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Singapore Airlines’ August operating figures highlight tough cargo market

written by australianaviation.com.au | September 18, 2019

A Singapore Airlines Airbus A380 at Sydney Airport alongside a Scoot 787. (Seth Jaworski)
A Singapore Airlines Airbus A380 at Sydney Airport alongside a Scoot 787. (Seth Jaworski)

Singapore Airlines has reported strong passenger growth and struggling cargo volumes for August.

The monthly traffic and cargo figures published on Tuesday showed the airline group – comprising the parent airline Singapore Airlines, regional wing SilkAir and low-cost carrier (LCC) unit Scoot – carried 3.31 million passengers in August, an increase of 6.5 per cent from the prior corresponding period.

However, cargo volumes, measured in freight-tonne kilometres (FTK), tumbled 10.2 per cent August to 535.3 million tonnes, from 595.8 million tonnes in August 2018.

Cargo load factors were lower in all markets, with the largest declines for Europe (down 7.7 percentage points), followed by South West Pacific (down 7.3 percentage points) and East Asia (down 6.1 percentage points).

The figures mirrored the trend in the Airports Council International (ACI) traffic report published earlier in the week.


Market watchers have cited the ongoing heightened trade tensions – particularly over tariffs between China and the United States – as a particular negative for cargo market.

Singapore Airlines Boeing 747-400F 9V-SFM. (Wikimedia Commons)
Singapore Airlines Boeing 747-400F 9V-SFM. (Wikimedia Commons)

On a more positive note, revenue passenger kilometres (RPK), a measure of demand, rose 7.1 per cent, outstripping capacity growth, measured by available seat kilometres (ASK)) of 5.6 per cent.

Passenger load factors across the airline group rose by 1.2 percentage points to 86.4 per cent.

Looking at the three airlines in isolation, Singapore Airlines carried 1.915 million passengers in August, up 7.6 per cent from 1.779 million in the previous corresponding month.

Meanwhile, SilkAir carried 421,000 passengers, up 0.5 per cent from 419,000 in August 2018. And Scoot carried 977,000 passengers in August, up 7.1 per cent from 912,000 in August 2018.

All three airlines in the group operate in to and out of Australia.

SilkAir operates the 737-800 to Cairns and Darwin. (Andrew Belczacki)
A 2015 file image of a SilkAir Boeing 737-800 at Cairns. (Andrew Belczacki)

Cathay Pacific also highlights tough cargo market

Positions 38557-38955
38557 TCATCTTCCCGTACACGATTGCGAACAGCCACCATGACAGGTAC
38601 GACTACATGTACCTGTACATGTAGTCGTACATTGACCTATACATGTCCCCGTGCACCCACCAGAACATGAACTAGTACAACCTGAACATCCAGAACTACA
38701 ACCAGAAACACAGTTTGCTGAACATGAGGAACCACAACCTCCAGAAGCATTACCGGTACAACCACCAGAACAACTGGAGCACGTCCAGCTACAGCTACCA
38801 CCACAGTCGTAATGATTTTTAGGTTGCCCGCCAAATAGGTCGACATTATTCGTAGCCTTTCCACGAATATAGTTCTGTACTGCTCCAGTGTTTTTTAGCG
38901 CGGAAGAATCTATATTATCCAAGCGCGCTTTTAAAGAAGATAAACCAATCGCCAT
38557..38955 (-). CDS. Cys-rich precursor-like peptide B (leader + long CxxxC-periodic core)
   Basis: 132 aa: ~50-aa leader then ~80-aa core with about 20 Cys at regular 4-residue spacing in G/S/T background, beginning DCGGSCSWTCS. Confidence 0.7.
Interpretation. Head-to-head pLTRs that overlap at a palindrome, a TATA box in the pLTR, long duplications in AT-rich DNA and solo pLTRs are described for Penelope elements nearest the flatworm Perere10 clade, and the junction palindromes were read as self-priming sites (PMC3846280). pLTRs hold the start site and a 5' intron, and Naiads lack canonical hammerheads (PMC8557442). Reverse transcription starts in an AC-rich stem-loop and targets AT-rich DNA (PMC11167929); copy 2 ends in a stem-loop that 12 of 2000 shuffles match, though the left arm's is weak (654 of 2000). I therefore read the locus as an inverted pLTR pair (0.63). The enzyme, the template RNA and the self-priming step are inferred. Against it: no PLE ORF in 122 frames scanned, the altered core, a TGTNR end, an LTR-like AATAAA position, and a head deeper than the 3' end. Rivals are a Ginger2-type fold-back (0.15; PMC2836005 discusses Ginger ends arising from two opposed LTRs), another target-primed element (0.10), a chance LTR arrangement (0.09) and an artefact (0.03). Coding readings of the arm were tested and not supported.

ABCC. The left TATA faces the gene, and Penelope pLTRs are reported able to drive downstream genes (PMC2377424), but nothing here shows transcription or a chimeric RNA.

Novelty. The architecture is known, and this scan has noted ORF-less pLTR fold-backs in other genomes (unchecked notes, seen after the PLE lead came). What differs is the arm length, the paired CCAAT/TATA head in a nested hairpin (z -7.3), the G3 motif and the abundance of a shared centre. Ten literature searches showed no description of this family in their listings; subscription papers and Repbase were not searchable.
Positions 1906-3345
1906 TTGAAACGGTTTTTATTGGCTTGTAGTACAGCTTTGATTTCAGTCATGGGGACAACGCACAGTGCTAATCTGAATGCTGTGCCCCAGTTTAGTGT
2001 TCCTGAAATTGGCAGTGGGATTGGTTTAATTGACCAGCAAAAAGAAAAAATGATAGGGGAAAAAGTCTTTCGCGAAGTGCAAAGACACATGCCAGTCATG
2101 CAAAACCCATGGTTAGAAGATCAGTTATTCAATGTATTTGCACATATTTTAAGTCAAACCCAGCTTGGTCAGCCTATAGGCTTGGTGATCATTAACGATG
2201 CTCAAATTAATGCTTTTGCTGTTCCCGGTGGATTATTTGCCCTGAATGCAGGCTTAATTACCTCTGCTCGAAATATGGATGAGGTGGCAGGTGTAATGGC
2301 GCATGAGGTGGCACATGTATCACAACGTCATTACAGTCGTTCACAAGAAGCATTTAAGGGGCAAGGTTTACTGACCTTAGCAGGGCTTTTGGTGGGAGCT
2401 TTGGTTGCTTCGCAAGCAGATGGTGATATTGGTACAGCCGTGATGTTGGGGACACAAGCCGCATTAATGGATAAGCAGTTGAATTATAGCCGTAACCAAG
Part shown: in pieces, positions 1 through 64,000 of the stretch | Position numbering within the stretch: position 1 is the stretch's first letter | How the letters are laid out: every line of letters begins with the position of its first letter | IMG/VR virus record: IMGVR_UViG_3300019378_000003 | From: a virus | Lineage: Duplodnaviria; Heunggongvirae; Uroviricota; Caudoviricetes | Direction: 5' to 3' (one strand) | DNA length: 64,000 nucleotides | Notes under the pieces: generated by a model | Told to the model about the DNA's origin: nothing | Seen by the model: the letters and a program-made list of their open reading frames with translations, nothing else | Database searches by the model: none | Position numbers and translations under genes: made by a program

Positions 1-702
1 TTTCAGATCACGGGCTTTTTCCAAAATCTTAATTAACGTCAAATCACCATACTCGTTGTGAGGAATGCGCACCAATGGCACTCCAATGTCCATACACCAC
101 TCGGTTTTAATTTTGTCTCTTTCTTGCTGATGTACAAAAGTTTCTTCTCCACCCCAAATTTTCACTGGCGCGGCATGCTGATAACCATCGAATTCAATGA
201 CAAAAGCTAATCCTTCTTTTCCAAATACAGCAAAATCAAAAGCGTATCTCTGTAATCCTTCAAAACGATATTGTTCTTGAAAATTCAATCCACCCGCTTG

The tough cargo market was also highlighted in Cathay Pacific’s August operating statistics, which showed revenue tonne kilometres for the Hong Kong-headquartered airline group fell 7.2 per cent in the month, compared with a year ago.

Cathay Pacific group chief customer and commercial officer Ronald Lam said that while the cargo business continued to face headwinds, there was cause for optimism.

“Tonnage further deteriorated month-on-month across all regions, driven in particular by slow demand over the holiday season in different parts of the world, the effects of tropical storms and disruptions at Hong Kong International Airport,” Lam said in a statement on September 11.

“Ongoing geopolitical tensions continued to affect overall market sentiment.

“Nevertheless, our outlook for September is slightly more positive and we expect to see demand progressively improve, driven by project shipments and the restocking of inventory as we enter the traditionally high-demand season.”

While Singapore Airlines posted passenger growth across its three flying brands, Cathay Pacific and its regional wing Cathay Dragon both experienced significant declines in passenger traffic in August amid ongoing turmoil in Hong Kong.

The airline group carried 2.9 million passengers in August, which was 11.3 per cent fewer than the same month a year ago.

The mainland China market experienced the largest drop in demand, with RPKs tumbling 28.1 per cent in the month, followed by North East Asia (down 11.8 per cent) and South East Asia (down eight per cent).

Lam said August was an “incredibly challenging month”, noting tourist arrivals into the Special Administrative Region were “nearly half” what they usually were in what was normally a strong summer holiday month.

“Our inbound Hong Kong traffic was down 38 per cent while outbound was down 12 per cent year-on-year, and we don’t anticipate September being any less difficult,” Lam said.

Lam said Cathay Pacific would introduce some “short-term tactical measures” in response to the significant decline in forward bookings for the remainder of 2019, such as reducing capacity in certain markets for the six-month period from October 2019 to March 2020.

In April, Cathay Pacific announced it was ending nonstop flights between Cairns and Hong Kong in late October.

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